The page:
For All Nails #111D: Kill All the Lawyers

by Noel Maurer

Mexico City, C.D., USM
14 September 1974

Vincent Mercator and Immanuel Moctezuma had not been alone in the same room since his nomination. Both had cocos and fake smiles. FN1 The resemblance ended there. Mercator was short, slim, and pale-skinned. He wore a razor-thin mustache across the bottom of his upper lip and a beige Army working uniform across the rest of his body. FN2 He was pushing 70, but looked younger, even if he didn't feel any younger. Moctezuma wore a rumpled brown suit, shirt open at the neck, and looked like nothing so much as a giant ham-hock: huge and muscled and fighting a continual battle of the bulge. Moctezuma's much-smashed nose smeared over his face, a sharp contrast to Mercator's aquiline nariz. El Popo was 58 years old. Like the Mapmaker, the President of the United States would have looked much younger than his real age were it not for an air of weariness about him.

The weariness was no deep psychological trait -- it was because President Moctezuma was lucky if he got four full hours of sleep nowadays.

Moctezuma didn't rise. "Come in, Colonel." The Secretary of War had never taken the opportunity to pump up his rank. He didn't need to. As head of the War Department, he came in second to only the President in the chain of command. And, of course, between 1954 and 1965 he had officially been President.

"Mr. President." Mercator smiled slightly. His eyes looked happy.

Moctezuma, on the other hand, was not a happy man. "You know what this is about." It wasn't a question.

"I think I might, Mr. President," said Mercator. It also wasn't a question.

"Ah-haaah." President Moctezuma wasn't sure how to proceed. "I want your resignation."

Mercator bowed his head. "I'm afraid that I can't give that to you, sir."

"Like hell you can't!" He slapped down a folder on the desk. "Look at this, Mercator! A secret fusion bomb project? Half the Caribbean fleet sitting idle in New Granadan ports? Billions of dólares of military equipment transferred to the FANG? I didn't approve this! Congress didn't approve this! I know you've got your fief over there in Coyoacan, but this crosses the line."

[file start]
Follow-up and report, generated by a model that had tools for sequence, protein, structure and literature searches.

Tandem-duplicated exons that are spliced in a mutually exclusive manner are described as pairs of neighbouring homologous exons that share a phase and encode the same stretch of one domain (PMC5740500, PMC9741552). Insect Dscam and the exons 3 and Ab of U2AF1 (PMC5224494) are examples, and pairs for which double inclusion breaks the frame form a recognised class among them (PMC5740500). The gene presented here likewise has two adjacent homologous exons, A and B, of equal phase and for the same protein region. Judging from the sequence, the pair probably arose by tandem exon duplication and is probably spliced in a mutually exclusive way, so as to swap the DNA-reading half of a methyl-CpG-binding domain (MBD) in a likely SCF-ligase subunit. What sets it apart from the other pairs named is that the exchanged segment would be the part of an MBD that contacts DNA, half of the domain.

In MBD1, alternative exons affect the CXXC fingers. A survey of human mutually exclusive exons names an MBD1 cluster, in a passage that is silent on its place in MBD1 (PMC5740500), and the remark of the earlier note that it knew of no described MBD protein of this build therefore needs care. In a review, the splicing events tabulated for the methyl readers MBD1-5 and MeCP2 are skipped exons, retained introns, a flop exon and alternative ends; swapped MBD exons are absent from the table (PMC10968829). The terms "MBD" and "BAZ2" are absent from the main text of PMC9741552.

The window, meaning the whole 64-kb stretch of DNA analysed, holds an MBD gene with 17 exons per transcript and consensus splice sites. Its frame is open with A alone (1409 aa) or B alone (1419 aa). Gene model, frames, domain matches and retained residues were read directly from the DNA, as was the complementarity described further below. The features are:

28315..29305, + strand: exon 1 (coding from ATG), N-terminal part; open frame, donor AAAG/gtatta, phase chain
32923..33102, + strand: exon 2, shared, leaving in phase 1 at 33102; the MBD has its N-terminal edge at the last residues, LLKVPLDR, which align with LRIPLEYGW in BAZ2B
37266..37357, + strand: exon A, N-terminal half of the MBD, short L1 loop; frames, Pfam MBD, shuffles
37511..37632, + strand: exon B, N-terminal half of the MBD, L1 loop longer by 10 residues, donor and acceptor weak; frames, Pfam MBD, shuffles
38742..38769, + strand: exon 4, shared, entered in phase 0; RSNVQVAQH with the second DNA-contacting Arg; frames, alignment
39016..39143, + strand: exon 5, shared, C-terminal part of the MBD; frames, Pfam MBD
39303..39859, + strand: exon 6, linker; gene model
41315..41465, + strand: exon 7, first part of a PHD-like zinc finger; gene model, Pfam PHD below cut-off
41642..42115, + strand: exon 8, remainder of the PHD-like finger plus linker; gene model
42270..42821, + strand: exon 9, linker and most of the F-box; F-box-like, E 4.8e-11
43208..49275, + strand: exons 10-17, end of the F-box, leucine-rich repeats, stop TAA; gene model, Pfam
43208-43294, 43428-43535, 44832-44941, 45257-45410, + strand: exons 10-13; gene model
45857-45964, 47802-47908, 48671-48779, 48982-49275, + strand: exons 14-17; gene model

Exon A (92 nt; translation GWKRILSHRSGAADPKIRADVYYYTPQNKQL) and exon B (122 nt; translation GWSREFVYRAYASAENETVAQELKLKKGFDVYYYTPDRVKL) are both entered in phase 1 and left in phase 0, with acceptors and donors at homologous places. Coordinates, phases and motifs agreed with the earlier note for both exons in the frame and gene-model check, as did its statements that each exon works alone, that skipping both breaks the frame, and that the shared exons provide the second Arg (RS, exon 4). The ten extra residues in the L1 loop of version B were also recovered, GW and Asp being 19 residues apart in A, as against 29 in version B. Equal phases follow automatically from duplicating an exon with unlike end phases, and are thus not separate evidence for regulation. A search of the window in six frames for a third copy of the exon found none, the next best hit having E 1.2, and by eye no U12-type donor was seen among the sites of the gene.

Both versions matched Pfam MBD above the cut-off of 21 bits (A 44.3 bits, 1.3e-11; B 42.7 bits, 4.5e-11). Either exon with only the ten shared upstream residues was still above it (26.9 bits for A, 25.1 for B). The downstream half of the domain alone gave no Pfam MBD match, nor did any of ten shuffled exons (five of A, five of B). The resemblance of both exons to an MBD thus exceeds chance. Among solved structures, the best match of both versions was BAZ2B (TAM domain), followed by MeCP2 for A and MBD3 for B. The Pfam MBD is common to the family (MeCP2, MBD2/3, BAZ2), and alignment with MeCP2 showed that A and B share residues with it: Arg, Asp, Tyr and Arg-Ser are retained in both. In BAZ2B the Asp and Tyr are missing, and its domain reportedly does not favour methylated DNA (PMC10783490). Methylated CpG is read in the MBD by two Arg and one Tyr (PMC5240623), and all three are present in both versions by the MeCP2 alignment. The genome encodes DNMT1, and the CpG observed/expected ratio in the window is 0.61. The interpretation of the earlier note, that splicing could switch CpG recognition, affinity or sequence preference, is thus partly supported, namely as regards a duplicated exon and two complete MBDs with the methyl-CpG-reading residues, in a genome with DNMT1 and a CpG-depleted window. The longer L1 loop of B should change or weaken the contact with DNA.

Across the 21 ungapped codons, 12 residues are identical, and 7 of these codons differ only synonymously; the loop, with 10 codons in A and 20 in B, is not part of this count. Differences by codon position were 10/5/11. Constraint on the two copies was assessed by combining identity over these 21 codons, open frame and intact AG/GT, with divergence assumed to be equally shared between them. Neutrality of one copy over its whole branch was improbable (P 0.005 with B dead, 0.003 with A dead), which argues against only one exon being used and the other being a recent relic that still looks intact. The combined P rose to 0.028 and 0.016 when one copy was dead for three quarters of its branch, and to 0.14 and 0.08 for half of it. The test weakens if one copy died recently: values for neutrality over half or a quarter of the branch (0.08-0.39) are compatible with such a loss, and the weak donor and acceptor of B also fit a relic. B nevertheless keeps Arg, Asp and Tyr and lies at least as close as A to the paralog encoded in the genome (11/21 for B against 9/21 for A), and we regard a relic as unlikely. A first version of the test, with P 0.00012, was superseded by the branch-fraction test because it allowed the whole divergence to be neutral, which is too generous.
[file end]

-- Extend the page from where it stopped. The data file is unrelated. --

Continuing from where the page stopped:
Mercator shrugged, ever so slightly. "I'm not sure I know what you're referring to, sir."

El Popo exploded. "You f--king said you did!"

The Colonel looked apologetic. "I said I might know why you had called me here, which is, if I am not mistaken, to ask me to resign from my appointment as Secretary of War."

"And this shit, Mercator," yelled Moctezuma, pointing at the folder on his desk, "is why!"

"I neither confirm nor deny, Mr. President."

Moctezuma leaned back. "Fine. You're still fired. You're lucky that I don't try you for treason."

Mercator smiled. "I don't think so, sir."

"You don't think so?"

Mercator shook his head. "No, sir, I don't think you can fire me."

Moctezuma fists clenched. "Gaaah-aaaaah. I'm the President. You're my Secretary."

"That is true, Mr. President, but you cannot fire me. Or," he shrugged, impishly, "at least that's what the lawyers tell me." He smiled, knowing that the President knew that he had once been a lawyer himself, in another life a long time ago.

Moctezuma was calm now. "I don't care about the f--king lawyers. You're still fired."

Mercator shrugged again, palms up. "You may not care about lawyers, sir, but the Congress of the United States of Mexico may. You see, if you look closely, it turns out that no President has actually fired any Cabinet level secretaries, although several have voluntarily resigned."

Moctezuma was not slow. He cut into what was clearly turning into an impromptu speech on constitutional law. "You're going to take this to Congress, then? Big risk, Mercator. The midterms are coming up, and my people have been getting ready for them. A constitutional crisis provoked by a self-appointed cabinet secretary will be just what we need to turn out our supporters." FN3

Mercator bowed. "That is true, Mr. President. An impeachment hearing, however, might lead to the revelation of some important information that you might wish to keep hidden."

"Nnnngah-ffaagh. You think you got something on me?"

Mercator smiled. "Of course not! I simply know something that you might wish to keep hidden."

Laying his hands on his desk, palms down, President Moctezuma asked through clenched teeth, "What?"

"I know who your father was." Mercator smiled a closed-mouth smile, an innocent expression on his face.

Moctezuma's face had been angry. Suddenly it went blank.

Mercator continued. "Your father, Alexander Hamilton Moctezuma, was in fact born just plain Alexander no-last-name, on the Tlalhualilo plantation on the border between Durango and Arizona, on May 31st, 1890. He escaped from Tlalhualilo on February 21st, 1907. Well, actually, we do not know if he escaped on that day, but that was when the plantation first registered his absence. Alexander Hamilton Moctezuma first made his appearance in Puerto Veracruz, Mexico Central, on March 3rd, 1907, where he worked on a construction site. Shall I go on?"

Moctezuma's face got even blanker, if that was possible. "No."

"I understand, and I do apologize, for whatever that's worth." The Colonel actually managed to look apologetic.

"Get out."

"Of course, sir." Mercator spun around on his heel, took two strides, halted, looked over his shoulder and asked, "Your father never told you, did he, Mr. President?"

"Get out." Mercator nodded, and moved to leave. "And one more thing. You're fired."

Mercator smiled, that relaxed closed-mouth smile, and left El Popo to ponder.

Forward to FAN #112: And I'll Cry If I Want To.

Forward to 18 September 1974: There She Is.

Forward to USM politics: Black September.

Return to For All Nails.

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